Also serving full-time with one-year appointments are Nicholas Boer, visiting lecturer in exercise science and physical education, and Psyche Forson, the Jessie Ball duPont Visiting Scholar in English. Teaching for the fall semester only is Jakub Zejmis, visiting lecturer in history.

Boer, who replaces Case in the department while he serves as provost and dean, is an exercise physiologist and member of the American College of Sports Medicine. He earned his bachelor's degree in biology from Loyola College, and two master's degrees and his doctorate from the University of Pittsburgh.

Forson, a doctoral candidate at the University of Maryland, is the first visiting scholar at WMC funded through a 1999 grant from the Jessie Ball duPont Fund aimed at increasing faculty diversity at three Maryland institutions. He earned his bachelor's degree from the University of Virginia and his master's degree in American Studies from the University of Maryland.

Zejmis, who is teaching for a faculty member on fall sabbatical, is working on his doctorate in Russian and East European history at Georgetown University. He earned his bachelor's of science from Georgetown, and master's degrees from Columbia University and the University of Notre Dame. He also earned a certificate in advanced Soviet studies from the Harriman Institute at Columbia University.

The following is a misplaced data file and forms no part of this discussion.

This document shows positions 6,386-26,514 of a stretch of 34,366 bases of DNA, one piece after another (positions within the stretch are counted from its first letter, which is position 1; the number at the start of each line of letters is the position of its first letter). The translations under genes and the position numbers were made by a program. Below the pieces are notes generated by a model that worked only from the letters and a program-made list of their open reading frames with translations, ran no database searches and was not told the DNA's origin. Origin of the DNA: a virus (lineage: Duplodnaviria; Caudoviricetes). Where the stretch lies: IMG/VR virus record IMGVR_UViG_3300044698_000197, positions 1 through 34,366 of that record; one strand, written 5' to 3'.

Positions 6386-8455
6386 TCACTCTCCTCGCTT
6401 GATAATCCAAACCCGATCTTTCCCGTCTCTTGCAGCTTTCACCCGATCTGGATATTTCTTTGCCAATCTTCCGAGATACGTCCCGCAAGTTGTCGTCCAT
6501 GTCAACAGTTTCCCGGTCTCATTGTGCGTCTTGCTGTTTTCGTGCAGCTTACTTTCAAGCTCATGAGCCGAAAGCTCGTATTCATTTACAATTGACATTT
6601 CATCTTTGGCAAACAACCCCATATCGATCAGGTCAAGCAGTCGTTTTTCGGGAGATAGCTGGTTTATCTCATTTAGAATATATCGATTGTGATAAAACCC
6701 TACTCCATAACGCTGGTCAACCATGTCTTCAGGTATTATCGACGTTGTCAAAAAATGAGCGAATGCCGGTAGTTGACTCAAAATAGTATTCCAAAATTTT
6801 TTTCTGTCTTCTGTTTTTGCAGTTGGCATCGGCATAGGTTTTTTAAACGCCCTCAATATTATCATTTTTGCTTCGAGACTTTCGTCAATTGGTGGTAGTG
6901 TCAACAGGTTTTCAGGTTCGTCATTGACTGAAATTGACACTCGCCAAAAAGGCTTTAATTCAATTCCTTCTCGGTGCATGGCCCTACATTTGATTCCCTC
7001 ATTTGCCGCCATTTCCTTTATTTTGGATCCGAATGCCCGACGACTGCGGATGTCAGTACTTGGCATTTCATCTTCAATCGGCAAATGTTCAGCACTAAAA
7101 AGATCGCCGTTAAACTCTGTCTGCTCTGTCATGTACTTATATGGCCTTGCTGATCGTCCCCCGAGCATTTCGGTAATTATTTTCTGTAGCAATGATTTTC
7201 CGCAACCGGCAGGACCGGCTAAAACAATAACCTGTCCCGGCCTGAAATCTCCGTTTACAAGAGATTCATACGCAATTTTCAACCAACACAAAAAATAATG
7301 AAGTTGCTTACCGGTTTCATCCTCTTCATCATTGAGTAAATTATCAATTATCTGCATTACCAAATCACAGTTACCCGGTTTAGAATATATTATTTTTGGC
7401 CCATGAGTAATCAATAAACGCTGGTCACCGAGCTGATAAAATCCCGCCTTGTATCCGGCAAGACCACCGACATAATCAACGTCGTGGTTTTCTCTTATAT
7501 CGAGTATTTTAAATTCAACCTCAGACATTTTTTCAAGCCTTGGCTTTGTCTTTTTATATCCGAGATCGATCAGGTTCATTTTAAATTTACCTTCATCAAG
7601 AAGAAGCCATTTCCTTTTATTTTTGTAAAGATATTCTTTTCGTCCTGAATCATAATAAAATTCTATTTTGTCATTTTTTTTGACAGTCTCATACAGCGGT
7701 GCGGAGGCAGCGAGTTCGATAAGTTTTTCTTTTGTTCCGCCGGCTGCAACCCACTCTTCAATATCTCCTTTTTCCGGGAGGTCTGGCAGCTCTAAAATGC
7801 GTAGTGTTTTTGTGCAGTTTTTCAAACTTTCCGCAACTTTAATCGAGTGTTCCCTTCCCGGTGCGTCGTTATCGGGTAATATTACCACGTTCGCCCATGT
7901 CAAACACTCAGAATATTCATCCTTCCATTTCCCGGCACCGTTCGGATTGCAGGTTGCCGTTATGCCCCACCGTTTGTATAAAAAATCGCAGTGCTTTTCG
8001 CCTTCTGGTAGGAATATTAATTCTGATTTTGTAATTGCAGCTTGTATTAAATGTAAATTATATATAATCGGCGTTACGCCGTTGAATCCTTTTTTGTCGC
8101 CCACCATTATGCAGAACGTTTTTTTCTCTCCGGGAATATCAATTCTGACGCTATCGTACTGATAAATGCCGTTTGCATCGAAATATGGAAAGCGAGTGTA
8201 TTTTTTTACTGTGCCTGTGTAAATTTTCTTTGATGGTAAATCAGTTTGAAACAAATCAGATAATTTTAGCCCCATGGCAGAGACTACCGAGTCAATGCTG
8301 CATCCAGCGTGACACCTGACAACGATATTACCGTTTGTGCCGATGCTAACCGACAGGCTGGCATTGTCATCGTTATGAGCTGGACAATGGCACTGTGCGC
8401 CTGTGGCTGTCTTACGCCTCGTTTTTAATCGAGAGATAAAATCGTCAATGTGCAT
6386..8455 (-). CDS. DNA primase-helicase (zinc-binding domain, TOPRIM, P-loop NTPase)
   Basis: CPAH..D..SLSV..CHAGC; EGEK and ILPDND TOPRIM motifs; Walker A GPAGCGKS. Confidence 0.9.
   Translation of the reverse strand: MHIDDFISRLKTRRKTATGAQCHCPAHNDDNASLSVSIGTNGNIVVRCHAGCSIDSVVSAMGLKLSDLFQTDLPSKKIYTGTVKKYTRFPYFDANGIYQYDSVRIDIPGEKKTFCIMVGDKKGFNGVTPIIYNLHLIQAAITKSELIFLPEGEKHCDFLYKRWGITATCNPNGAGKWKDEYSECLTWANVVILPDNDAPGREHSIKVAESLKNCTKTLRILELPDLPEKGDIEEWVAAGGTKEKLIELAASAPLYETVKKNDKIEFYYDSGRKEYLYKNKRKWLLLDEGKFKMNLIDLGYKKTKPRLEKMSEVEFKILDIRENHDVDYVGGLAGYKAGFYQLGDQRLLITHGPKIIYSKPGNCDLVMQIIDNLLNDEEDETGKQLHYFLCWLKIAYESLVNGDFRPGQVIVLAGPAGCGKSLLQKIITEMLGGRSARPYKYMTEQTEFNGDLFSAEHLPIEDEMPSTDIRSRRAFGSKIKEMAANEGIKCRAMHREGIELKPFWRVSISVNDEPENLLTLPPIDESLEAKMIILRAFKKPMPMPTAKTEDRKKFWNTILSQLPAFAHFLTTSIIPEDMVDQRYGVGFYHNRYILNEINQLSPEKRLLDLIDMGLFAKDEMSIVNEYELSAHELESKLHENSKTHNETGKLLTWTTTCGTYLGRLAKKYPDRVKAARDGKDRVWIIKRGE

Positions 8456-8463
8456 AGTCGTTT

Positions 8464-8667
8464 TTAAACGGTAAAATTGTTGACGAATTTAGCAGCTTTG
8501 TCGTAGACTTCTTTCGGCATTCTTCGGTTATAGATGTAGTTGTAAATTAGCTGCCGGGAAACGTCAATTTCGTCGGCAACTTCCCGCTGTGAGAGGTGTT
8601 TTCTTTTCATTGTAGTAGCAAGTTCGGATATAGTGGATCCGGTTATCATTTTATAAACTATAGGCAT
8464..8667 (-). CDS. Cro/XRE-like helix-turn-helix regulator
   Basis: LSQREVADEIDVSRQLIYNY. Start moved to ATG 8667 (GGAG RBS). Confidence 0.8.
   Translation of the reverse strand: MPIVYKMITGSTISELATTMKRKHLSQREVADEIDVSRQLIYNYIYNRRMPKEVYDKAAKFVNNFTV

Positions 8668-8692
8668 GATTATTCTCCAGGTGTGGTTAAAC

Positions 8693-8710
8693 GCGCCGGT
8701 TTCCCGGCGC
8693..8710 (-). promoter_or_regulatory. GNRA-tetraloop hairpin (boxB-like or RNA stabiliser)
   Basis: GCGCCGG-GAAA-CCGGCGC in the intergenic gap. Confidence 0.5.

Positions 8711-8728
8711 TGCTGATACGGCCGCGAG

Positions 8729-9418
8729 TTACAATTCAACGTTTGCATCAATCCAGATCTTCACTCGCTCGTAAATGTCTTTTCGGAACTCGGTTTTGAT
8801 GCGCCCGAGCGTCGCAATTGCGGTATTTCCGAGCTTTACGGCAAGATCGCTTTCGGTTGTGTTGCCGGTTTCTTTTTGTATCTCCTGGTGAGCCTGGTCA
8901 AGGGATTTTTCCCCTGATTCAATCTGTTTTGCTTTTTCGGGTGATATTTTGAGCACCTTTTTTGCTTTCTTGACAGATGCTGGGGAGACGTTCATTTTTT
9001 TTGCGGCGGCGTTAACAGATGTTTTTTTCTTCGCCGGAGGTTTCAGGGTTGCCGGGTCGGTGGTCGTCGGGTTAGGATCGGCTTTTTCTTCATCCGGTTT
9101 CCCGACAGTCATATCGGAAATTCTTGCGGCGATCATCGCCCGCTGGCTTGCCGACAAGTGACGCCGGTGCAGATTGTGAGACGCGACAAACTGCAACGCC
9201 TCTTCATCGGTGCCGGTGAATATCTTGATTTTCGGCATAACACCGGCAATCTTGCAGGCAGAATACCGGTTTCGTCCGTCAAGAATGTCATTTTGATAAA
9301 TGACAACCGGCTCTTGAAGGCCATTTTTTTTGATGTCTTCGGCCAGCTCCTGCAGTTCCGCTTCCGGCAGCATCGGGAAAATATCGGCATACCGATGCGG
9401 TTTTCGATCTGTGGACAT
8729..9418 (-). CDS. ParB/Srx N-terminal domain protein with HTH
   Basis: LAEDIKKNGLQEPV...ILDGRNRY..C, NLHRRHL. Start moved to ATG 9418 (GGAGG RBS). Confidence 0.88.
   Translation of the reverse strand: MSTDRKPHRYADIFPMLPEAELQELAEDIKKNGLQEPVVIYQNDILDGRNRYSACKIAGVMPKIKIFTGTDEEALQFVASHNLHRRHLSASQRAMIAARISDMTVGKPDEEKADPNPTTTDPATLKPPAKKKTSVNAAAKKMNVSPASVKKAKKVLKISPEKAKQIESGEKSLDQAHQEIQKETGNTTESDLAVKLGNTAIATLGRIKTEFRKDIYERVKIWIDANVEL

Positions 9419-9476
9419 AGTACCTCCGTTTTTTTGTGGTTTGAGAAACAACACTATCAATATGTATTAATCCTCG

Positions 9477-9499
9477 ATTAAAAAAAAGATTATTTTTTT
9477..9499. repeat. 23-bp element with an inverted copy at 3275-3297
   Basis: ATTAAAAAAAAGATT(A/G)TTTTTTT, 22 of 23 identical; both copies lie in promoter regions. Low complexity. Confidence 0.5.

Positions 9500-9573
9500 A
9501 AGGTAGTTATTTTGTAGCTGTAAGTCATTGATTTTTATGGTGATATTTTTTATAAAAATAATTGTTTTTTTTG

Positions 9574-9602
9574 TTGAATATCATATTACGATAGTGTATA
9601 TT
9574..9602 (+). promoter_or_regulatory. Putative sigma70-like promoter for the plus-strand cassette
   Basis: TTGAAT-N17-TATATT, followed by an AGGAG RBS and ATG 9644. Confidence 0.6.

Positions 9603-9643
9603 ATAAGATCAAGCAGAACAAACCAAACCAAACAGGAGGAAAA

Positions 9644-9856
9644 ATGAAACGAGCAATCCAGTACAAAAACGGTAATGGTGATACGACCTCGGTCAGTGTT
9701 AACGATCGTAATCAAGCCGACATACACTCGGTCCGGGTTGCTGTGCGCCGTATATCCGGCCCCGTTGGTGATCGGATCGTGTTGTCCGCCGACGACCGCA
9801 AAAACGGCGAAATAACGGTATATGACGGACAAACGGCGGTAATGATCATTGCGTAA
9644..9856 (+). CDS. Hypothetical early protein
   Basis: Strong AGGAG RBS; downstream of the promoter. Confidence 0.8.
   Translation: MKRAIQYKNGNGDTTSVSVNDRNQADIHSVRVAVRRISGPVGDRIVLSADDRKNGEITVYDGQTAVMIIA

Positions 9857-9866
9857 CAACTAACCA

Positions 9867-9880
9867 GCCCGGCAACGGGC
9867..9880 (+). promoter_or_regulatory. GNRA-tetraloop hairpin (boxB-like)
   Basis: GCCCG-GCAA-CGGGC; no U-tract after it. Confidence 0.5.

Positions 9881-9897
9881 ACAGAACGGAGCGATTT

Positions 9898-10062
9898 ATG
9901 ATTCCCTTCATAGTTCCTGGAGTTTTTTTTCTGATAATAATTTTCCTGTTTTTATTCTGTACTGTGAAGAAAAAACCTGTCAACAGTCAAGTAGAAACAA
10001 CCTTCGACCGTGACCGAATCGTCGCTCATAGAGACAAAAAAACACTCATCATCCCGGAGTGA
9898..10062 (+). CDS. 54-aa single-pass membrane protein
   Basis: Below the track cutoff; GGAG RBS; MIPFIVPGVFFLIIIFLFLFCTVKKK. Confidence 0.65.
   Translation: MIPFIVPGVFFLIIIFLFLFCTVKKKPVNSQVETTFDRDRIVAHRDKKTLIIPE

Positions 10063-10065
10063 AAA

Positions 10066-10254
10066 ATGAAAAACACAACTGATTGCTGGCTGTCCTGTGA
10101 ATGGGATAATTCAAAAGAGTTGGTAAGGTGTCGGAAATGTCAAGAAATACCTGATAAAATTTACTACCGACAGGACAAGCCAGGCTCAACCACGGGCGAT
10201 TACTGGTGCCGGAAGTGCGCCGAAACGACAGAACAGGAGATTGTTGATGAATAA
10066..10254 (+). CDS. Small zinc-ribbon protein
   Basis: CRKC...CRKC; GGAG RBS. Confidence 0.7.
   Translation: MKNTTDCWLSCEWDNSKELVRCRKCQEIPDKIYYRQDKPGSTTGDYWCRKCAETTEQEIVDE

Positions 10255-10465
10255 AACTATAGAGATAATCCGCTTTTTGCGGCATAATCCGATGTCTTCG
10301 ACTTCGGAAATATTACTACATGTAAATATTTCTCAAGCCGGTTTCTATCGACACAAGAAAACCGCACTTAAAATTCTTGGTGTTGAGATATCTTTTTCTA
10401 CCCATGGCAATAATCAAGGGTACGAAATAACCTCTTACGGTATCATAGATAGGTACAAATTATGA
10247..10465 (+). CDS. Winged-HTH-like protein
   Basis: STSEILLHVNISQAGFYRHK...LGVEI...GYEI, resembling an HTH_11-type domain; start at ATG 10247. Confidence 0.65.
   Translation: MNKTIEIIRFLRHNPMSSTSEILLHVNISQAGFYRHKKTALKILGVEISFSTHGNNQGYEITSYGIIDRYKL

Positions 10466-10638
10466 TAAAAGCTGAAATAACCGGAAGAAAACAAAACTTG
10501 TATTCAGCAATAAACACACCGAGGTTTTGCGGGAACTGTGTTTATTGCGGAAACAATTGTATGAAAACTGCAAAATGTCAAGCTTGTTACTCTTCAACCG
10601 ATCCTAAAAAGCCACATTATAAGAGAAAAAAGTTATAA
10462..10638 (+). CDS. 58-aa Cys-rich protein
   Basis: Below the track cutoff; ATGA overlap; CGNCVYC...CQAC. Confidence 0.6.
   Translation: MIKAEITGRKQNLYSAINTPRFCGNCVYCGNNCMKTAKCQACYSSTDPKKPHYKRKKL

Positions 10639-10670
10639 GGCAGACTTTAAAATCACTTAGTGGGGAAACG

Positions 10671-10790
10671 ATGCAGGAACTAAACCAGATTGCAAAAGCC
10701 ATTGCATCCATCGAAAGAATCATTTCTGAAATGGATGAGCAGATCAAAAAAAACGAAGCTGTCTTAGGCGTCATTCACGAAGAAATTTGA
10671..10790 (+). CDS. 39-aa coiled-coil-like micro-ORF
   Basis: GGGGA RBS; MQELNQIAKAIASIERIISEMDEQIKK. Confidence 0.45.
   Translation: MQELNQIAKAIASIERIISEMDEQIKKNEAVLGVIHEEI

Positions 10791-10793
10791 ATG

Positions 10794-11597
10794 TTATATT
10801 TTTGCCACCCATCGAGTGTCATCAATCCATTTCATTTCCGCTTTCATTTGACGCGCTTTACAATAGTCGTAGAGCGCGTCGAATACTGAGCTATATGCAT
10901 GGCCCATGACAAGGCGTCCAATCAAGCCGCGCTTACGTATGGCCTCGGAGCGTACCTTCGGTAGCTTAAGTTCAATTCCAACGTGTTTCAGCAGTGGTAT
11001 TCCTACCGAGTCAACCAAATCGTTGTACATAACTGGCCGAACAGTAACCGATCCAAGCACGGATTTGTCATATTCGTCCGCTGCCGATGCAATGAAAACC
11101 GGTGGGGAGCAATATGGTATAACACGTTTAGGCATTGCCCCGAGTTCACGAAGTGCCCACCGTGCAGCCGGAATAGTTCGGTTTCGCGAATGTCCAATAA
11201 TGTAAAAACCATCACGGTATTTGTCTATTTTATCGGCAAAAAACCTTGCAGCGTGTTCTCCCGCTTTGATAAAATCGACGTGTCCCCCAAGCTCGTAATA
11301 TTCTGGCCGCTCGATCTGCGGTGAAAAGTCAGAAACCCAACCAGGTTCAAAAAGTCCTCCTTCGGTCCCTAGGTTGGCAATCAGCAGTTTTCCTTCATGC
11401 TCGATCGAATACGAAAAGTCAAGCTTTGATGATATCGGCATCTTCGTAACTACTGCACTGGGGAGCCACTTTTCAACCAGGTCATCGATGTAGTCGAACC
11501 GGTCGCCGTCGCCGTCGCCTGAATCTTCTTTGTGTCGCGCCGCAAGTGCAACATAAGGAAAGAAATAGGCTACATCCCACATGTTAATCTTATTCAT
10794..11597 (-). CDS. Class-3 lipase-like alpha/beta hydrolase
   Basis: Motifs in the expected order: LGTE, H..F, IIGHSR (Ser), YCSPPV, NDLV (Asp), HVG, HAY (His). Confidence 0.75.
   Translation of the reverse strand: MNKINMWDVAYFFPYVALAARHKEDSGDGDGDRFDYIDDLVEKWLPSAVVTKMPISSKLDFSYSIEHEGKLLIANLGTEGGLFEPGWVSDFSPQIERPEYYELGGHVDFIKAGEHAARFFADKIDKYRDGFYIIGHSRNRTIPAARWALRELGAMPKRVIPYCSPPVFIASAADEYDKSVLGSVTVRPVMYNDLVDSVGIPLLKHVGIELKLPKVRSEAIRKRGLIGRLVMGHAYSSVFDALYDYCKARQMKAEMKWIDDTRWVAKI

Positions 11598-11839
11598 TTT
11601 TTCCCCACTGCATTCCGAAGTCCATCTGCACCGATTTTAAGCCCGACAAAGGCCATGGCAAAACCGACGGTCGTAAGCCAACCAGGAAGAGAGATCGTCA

The newest half-time faculty member is Olivia Myers, lecturer in social work.

The new adjunct undergraduate faculty are: Cherie Black, lecturer in sociology; Gregory Bricca, lecturer in education; Emily Brown, lecturer in chemistry; Luciana Cecille-Wiley, lecturer in music; Roberta Daniels, lecturer in education; Bernice De Bells, acting coordinator in education; Robert Garman, lecturer in theater arts; Hector Guzman, lecturer in foreign languages; Edwin Hostetter, lecturer in philosophy and religious studies; Shelley Ni Tuama, lecturer in philosophy and religious studies; Barbara Pickholtz, lecturer in education; Alberto Reluzco, lecturer in foreign languages; Loretta Roult, lecturer in education; and Sharon Schaeffer, lecturer in education.